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I have reached a point where I consciously stay away from public debates about the quality of journalism in Ghana. Criticism of every profession is welcome and journalists must, and should be criticised. However, most of the criticisms as I find them are unnecessary and unfounded often faulty and borne out of the sheer desire to just criticize.
These criticisms also appear to peak soon after presidential media encounters. Most critics use that occasional event to judge the overall performance of all Ghanaian journalists.
Sadly, most of the criticisms say things that suggest that journalists are dumber than the rest of us, that they are poorly educated, shallow minded and do not know their job. And some of the people doing the criticisms forget that they sat in the same classrooms with some journalists up to the graduate level.
Moreover, some of the criticisms reflect a pervasive lack of understanding of journalism.
There are currently more than 200 registered members of the Ghana Journalists Association, not all of them are practicing journalism. There are also a large number who are practicing but are not members of the organisation, and so, it is only fair that in mounting criticisms against journalists, an acknowledgement of the population of journalists should be taken into account. Singling out just a few as an example or reflection of all can’t be said to be fair. And often some of these critics try without success in their attempts to sound fair by singling out one or two journalists as an example of excellence.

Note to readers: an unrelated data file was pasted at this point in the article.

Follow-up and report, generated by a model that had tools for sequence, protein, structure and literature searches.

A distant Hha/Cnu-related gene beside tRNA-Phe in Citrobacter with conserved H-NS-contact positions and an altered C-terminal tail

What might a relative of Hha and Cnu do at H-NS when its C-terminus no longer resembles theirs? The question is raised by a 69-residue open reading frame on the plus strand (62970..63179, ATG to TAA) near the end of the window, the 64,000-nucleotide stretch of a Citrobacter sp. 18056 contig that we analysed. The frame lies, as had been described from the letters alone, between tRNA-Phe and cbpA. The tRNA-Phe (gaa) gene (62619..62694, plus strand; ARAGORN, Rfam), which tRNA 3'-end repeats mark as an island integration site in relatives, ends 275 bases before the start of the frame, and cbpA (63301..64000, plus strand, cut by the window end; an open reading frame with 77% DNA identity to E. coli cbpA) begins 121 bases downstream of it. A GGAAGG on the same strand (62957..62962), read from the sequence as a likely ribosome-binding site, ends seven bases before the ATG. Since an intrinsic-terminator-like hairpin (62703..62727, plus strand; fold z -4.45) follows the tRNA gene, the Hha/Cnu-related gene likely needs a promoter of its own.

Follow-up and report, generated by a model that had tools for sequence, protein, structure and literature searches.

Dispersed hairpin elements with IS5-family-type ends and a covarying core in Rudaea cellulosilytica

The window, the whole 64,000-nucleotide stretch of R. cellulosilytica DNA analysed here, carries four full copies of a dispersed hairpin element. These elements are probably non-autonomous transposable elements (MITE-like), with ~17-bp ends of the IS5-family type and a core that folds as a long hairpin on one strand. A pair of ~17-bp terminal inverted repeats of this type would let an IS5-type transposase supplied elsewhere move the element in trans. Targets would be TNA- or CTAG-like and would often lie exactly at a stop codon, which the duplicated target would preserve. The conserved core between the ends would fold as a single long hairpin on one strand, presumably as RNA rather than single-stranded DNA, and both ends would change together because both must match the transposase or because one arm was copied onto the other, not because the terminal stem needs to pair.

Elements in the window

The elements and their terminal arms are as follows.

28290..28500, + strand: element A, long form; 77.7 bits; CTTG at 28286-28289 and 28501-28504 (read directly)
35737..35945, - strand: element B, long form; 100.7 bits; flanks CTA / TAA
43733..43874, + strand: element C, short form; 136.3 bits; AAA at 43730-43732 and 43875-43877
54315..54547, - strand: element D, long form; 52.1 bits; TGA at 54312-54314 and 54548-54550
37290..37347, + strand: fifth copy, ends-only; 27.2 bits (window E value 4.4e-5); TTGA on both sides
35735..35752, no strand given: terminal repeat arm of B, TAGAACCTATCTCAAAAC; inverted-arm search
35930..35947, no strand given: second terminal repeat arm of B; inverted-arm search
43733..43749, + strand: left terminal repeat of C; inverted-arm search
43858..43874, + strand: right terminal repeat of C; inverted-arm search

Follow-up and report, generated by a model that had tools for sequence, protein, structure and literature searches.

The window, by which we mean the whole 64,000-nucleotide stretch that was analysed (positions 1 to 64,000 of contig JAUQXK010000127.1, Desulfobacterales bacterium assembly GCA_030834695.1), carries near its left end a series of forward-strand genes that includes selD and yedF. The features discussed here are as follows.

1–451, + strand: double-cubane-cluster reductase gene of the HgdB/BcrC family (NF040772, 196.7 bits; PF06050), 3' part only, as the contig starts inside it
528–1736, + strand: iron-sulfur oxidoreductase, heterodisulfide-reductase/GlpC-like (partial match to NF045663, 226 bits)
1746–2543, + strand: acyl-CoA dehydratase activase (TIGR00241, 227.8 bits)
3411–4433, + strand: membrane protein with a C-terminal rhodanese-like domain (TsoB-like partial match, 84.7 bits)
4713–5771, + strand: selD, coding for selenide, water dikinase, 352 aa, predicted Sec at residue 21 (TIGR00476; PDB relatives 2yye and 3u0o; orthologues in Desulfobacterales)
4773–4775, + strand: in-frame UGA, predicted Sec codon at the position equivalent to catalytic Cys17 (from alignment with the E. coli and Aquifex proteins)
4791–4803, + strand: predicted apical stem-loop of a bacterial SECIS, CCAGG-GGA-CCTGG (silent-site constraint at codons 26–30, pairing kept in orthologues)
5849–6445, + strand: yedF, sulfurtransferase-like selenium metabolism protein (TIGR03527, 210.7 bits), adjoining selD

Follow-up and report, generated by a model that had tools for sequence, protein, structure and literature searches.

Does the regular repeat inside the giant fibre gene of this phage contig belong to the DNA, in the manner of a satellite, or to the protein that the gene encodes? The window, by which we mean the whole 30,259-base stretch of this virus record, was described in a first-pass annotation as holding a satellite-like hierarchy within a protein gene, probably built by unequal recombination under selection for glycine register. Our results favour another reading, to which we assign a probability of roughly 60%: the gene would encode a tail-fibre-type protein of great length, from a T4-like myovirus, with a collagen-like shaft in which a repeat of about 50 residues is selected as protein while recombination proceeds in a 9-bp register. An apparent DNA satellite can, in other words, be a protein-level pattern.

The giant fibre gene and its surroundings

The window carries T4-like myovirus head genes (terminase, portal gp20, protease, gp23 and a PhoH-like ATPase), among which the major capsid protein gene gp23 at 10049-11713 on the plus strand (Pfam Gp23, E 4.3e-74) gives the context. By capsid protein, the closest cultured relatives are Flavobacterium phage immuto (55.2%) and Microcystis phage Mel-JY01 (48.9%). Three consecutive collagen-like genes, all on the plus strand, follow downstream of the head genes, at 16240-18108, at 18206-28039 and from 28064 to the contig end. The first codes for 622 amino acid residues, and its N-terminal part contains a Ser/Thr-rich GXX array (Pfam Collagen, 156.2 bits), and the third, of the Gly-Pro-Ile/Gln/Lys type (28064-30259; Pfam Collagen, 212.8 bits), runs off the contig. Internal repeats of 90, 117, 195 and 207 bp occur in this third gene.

Ghanaian journalists like journalists in every country are working under severe constraints, they are underappreciated, undervalued and underpaid. But most have continued to give off their best without fanfare and their works are impacting and improving the society in more ways than people care to know and these are happening without drama.
There are journalists who are risking their lives everyday to tell the stories that need to be told.
But then people unfamiliar with the wider works of journalists are quick to literally run them down.
To a large extent, the freedom and democracy Ghana enjoys today can be attributed to some stellar works of some journalists.
And it should be noted that not all that is churned out by media is necessarily journalism, it is very possible that while there is huge amount of media activities in Ghana, not all these constitute or represent any form of journalism and therefore, it is unfair to put all into one basket and lampoon journalists.
While in a democracy everyone is entitled to freedom of expression and the right to criticize, criticisms should be situated in context and must be informed.
At least for people to be fair to themselves, they should make attempts to understand the nature and function of journalism, be familiar with the historical development of the profession and it’s contribution to Ghana’s development, at least read very widely and be familiar with the works of several journalists so they can make fair assessments.
The work of journalists is very essential to our very existence and while we criticize them, let us do so fairly, and it is high time we started supporting good quality journalism which we have but do not support, if we must encourage it.